doctor who had performed the surgery, the medical practice,
and the medical center. The next day, the remaining defendant
11 The district court was not persuaded by Taylor's
hastily filed Rule 60(b) motion. Without holding a hearing,
it denied the motion in a short written order, concluding
that counsel's docketing errors constituted "common
carelessness and negligence" not amounting to excusable
12 Nonetheless, a week later, the medical center filed its
answer and jury demand. Shortly thereafter, counsel for
another defendant sought an extension of time to file her
13 In the meantime, Taylor filed a motion to reconsider under
C.R.C.P. 59, in which she provided a fuller explanation of
the docketing problems. In an affidavit attached to the
motion, counsel told the court that a few weeks before she
filed the complaint, her case management and calendaring
software had somehow been disabled, which apparently deleted
all of her docketed deadlines from her calendaring program.
After some "troubleshooting" with a technician from
the software company, it appeared that the problem had been
resolved and that the re-enabled software had re-entered the
pre-existing deadlines into the computer. But further
investigation - necessarily conducted after she filed her
June 28 motion to vacate the dismissal order - revealed that
many of the docketing entries had not automatically been
re-entered. A technician with whom counsel spoke could not
explain why some of the entries were re-entered upon
re-enabling of the software, but others were not. The
deadline for obtaining service on Taylor's complaint had
been deleted, but not automatically re-entered.
14 As for the district court's delay prevention order,
counsel said that neither she nor her law partner had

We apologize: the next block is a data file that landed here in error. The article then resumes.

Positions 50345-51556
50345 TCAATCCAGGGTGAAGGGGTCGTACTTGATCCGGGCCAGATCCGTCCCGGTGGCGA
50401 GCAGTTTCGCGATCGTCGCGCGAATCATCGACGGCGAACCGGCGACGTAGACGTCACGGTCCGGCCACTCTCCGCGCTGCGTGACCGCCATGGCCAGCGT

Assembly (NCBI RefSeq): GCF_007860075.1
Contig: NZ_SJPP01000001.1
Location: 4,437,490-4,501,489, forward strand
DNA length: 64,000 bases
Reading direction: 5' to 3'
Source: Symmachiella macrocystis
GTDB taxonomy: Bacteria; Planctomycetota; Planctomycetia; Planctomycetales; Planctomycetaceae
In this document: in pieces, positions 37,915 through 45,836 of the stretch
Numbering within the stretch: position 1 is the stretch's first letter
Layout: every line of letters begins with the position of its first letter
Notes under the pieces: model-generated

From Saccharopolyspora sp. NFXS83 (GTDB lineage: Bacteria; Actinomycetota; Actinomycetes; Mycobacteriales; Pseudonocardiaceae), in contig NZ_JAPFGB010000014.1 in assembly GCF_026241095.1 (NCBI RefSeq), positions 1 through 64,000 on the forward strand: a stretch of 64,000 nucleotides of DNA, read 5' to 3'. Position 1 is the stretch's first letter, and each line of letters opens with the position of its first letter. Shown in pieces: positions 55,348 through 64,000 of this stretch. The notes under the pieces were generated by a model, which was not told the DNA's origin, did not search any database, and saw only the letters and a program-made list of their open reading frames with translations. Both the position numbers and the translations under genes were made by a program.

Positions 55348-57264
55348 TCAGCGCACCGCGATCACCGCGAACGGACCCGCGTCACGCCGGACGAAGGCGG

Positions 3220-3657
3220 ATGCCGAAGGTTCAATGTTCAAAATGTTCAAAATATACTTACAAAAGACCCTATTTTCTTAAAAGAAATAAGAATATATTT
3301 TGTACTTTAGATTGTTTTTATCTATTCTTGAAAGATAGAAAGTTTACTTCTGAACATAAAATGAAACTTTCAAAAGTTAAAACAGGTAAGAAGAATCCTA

received it on their office computers. Instead, the order
appeared on her cell phone. Counsel explained that her
practice was not to open and read court documents on her cell
phone, primarily because she could not access her case
management and calendaring system from her phone. An exhibit
to the motion appeared to show that counsel had not received
an electronic notification of the delay reduction order from
the court's filing system on her computer, and another
exhibit confirmed that the delay reduction order had not been
opened by counsel.
15 In the motion, counsel also argued that the district court
had applied the wrong standard in denying her earlier motion
to vacate the dismissal order. Under Craig v. Rider,
651 P.2d 397 (Colo. 1982), she contended, the court should
have considered not just whether the error arising from the
software malfunction constituted excusable neglect on its
own, but also whether she had asserted a meritorious claim in
the underlying medical malpractice suit and whether granting
relief would be consistent with considerations of equity.
16 Before the court could rule on the Rule 59 motion, Taylor
filed a notice of appeal of the denial of the Rule 60(b)
motion. The district court then declined on jurisdictional
grounds to decide the Rule 59 motion, and that motion was
eventually deemed denied. Taylor later amended her notice of
appeal to include an appeal of the denial of the Rule 59
Notice Under C.R.C.P. 4(m)
17 We turn first to what we consider a threshold argument by
Taylor that the district court's dismissal order was
invalid under C.R.C.P. 4(m) - an argument that, if
successful, would obviate the need to determine whether the
court erred in its excusable neglect analysis.
18 According to Taylor, the district court's delay
reduction order was premature and therefore could not
constitute the requisite notice under Rule 4(m). In the
absence of proper notice, she says, the district court's
dismissal order was invalid.
19 We interpret rules of civil procedure in the same manner
as statutes, applying similar principles of construction.
In Interest of M.K.D.A.L., 2014 COA 148, ¶ 5.
We must therefore interpret the rule according to its
commonly understood and accepted meaning. Antero Res.
Corp. v. Strudley, 2015 CO 26, ¶ 15.
20 Rule 4(m) provides:
Time Limit for Service. If a defendant is not served within
63 days (nine weeks) after the complaint is filed, the court
- on motion or on its own after notice to the plaintiff -